Kafka’s writing on the borderlands of dream and thought

Over at Open Culture, there is a fascinating post on a recent medical study linking the enigmatic narratives of Franz Kafka to his somnia. A doctor has claimed in The Lancet that Kafka’s texts show markers of a kind of lucid dreaming induced by lack of sleep.



A new dark age

A reblogged post from early 2016.
Dark pessimism or seed of hope?

The Burning Archive

It is a dark age when learning is despised; when violence prowls our streets; when the cherished teachings of our wisest culture falls disused and forgotten. Apocalypses are not fashionable, though innovation and disruption are. We celebrate the piracy of wanton wealth and mock the traditionalists who sit in their cells and speak alone with their gods in the poems without which they could not love.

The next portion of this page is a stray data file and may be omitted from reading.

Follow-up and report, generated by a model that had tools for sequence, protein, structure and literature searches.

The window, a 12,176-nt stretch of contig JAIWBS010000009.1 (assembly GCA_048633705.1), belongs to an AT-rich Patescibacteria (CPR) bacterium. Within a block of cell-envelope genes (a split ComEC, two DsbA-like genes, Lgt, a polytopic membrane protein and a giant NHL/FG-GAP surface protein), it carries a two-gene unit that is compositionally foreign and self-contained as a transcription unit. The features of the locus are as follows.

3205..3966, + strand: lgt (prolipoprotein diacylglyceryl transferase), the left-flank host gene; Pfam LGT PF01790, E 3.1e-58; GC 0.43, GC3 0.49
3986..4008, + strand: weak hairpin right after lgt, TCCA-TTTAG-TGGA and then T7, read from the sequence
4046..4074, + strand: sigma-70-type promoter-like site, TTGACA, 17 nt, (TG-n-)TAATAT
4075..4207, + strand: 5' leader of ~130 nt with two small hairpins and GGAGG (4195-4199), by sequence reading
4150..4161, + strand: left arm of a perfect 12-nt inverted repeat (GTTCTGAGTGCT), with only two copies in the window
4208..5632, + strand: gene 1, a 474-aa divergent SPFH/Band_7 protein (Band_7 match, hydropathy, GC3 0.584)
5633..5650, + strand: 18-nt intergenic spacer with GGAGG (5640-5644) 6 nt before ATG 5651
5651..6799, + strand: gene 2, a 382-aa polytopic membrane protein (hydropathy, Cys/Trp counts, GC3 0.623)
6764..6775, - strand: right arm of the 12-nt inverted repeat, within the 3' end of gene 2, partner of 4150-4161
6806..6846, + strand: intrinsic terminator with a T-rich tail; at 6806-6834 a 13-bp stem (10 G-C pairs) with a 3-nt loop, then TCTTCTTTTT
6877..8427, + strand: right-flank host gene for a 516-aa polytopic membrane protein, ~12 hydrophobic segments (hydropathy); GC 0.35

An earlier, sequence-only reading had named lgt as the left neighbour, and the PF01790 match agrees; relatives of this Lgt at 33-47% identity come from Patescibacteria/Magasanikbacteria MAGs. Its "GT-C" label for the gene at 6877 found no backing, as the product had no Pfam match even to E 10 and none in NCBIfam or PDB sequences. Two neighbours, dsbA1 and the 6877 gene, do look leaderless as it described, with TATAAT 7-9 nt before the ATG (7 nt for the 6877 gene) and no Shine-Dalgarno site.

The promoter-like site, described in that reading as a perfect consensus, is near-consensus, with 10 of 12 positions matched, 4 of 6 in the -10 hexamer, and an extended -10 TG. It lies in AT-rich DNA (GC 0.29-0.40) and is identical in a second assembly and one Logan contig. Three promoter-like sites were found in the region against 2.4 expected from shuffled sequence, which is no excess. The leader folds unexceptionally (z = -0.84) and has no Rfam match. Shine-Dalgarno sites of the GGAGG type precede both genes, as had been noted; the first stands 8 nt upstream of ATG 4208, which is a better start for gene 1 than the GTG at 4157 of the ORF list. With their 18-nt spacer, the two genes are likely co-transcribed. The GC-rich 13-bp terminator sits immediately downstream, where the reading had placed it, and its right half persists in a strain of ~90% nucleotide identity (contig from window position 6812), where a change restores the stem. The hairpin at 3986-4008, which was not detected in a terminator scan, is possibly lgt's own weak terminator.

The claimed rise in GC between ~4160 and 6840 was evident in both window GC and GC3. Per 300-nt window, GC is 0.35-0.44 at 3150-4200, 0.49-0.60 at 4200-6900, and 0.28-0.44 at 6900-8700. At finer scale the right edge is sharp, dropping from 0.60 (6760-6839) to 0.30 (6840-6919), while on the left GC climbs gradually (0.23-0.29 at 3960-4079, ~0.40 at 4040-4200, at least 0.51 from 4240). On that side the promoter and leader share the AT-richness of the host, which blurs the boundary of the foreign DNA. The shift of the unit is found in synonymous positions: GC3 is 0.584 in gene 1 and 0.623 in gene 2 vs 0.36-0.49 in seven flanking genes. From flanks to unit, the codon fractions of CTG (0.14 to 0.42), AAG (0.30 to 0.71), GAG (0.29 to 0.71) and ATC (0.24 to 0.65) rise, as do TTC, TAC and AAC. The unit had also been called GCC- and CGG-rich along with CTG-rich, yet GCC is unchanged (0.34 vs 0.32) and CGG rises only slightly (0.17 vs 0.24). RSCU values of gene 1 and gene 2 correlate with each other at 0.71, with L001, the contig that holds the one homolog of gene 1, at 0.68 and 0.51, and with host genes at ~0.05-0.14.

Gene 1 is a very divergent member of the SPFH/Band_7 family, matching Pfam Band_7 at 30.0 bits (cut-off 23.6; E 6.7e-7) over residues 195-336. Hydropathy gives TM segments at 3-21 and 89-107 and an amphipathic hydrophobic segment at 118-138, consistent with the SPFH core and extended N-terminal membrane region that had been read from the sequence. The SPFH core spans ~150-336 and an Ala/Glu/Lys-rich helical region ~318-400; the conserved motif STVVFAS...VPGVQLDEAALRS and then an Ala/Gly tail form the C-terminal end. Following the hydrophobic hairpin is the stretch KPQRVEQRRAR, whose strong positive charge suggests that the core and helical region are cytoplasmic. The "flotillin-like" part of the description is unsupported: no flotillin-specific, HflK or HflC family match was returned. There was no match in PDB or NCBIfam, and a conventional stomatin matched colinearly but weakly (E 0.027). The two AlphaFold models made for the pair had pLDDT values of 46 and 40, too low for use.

In the ruins of the crises of the tenth century, Western European culture was born and indeed so was the glory of Kievan Rus. Monasticism, a resurgent faith and a reform of the church, a flowering Renaissance, the emergence of order in modern government, law, conscience, mysticism and on it goes. Who will speak like Abelard and Heloise across the centuries in this new dark age?

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